Name   varchar(10)  

,Objective  varchar(5)  

,Result   varchar(15)  )


INSERT @BaseData

SELECT ‘Bob’,’Obj1′,’Complete’


SELECT ‘Bob’,’Obj2′,’Pending’


SELECT ‘Lisa’,’Obj1′,’Pending’


SELECT ‘Lisa’,’Obj2′,’Pending’


SELECT ‘Don’,’Obj1′,’Complete’


SELECT ‘Seth’,’Obj1′,’Complete’


SELECT ‘Seth’,’Obj2′,’Complete’


SELECT ‘Megan’,’Obj1′,’Pending’


SELECT ‘Megan’,’Obj2′,’Complete’





 Now to work on understanding the pivot.  Here’s the finished Pivot statement for reference: 

PIVOT(MAX(Result) for Objective in ([OBJ1],[OBJ2])) as ResultPivot

 The [Result] column is the data that needs to be pivoted.  The first stumbling part of the pivot is that the data that is being pivoted has to be wrapped in some kind of accumulation.  So if you are dealing with numerical data it can be a MIN, MAX, AVG, etc.  With string data, which is what I dealt with the easiest is MIN or MAX.  Since there is only one result per objective in this data, the MAX will be that value.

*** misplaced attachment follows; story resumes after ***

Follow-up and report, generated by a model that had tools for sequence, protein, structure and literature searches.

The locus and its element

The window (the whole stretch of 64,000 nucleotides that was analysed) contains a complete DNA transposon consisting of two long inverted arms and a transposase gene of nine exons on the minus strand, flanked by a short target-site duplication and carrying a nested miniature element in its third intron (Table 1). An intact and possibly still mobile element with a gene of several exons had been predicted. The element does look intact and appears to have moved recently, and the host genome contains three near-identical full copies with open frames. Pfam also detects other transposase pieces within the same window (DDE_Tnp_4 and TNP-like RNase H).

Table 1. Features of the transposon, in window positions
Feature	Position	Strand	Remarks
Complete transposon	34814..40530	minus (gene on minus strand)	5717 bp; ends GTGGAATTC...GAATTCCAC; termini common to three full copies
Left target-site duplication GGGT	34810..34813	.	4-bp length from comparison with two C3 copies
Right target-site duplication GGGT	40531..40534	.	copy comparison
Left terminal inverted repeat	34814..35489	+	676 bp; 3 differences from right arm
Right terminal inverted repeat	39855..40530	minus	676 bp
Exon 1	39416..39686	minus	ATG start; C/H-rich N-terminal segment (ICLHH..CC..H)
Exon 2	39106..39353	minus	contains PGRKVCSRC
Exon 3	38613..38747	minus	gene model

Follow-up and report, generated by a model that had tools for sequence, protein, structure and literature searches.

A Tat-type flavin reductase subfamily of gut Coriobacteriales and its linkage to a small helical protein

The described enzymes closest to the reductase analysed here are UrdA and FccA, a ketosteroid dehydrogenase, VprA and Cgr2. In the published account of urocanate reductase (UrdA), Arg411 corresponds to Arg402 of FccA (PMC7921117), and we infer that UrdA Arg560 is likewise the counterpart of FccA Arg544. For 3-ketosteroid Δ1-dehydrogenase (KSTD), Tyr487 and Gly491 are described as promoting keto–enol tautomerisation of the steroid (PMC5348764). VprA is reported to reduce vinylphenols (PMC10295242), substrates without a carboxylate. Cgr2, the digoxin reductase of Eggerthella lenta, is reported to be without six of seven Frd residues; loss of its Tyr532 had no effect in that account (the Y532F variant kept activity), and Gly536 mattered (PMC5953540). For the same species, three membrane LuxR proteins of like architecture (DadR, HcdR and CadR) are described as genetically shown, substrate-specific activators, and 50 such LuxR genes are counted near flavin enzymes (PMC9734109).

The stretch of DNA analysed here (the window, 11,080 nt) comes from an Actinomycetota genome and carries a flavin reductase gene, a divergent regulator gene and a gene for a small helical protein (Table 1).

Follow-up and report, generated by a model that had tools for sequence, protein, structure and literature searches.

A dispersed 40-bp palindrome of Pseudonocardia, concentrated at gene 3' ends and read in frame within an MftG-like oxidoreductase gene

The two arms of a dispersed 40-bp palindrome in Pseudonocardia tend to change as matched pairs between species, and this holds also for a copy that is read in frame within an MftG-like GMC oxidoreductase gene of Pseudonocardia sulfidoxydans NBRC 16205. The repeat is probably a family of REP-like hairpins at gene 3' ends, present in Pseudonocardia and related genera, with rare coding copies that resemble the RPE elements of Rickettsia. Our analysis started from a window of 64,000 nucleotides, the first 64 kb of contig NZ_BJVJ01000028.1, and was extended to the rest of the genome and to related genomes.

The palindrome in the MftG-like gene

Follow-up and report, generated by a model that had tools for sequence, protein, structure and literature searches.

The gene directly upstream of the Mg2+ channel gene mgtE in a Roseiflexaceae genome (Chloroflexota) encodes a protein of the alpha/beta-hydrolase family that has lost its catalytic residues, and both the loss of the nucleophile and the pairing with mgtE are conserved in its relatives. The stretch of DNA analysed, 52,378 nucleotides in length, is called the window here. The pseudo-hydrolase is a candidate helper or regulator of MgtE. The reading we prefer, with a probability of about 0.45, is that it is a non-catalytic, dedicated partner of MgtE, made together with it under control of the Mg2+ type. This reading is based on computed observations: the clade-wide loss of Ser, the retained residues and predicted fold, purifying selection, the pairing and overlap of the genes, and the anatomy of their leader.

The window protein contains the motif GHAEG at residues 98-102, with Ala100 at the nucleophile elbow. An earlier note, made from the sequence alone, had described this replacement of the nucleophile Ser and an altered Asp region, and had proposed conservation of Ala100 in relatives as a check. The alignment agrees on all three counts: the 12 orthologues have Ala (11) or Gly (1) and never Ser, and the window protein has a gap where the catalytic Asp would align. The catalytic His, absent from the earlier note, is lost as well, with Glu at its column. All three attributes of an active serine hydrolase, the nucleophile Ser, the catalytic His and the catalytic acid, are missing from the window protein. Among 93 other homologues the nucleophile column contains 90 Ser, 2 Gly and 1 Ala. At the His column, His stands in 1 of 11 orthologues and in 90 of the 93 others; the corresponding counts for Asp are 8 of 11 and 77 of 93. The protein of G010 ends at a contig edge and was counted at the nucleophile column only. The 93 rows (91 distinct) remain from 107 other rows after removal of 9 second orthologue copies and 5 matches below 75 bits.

The next part of the pivot is naming the columns that the [Result] data will be pivoted into.  I associated this to telling the PIVOT command what the key was to the data to be pivoted.  In this case there are consistent values in the Objective column of Obj1 and Obj2.  Not all Names in the data have an Obj1 and Obj2 which is fine as you will see.  If you don’t have a consistent value like this I could see using a derived column like a ROWNUMBER() or something similar to give the data values to create columns on.

After naming the columns that the pivoted data will go into the entire statement needs an alias.  It won’t necessarily be used in the SELECT statement but the PIVOT statement will throw errors if it is not aliased.

Here is how the PIVOT is worked into the query. 

SELECT Name, OBJ1 as Objective1, OBJ2 as Objective2                FROM @BaseData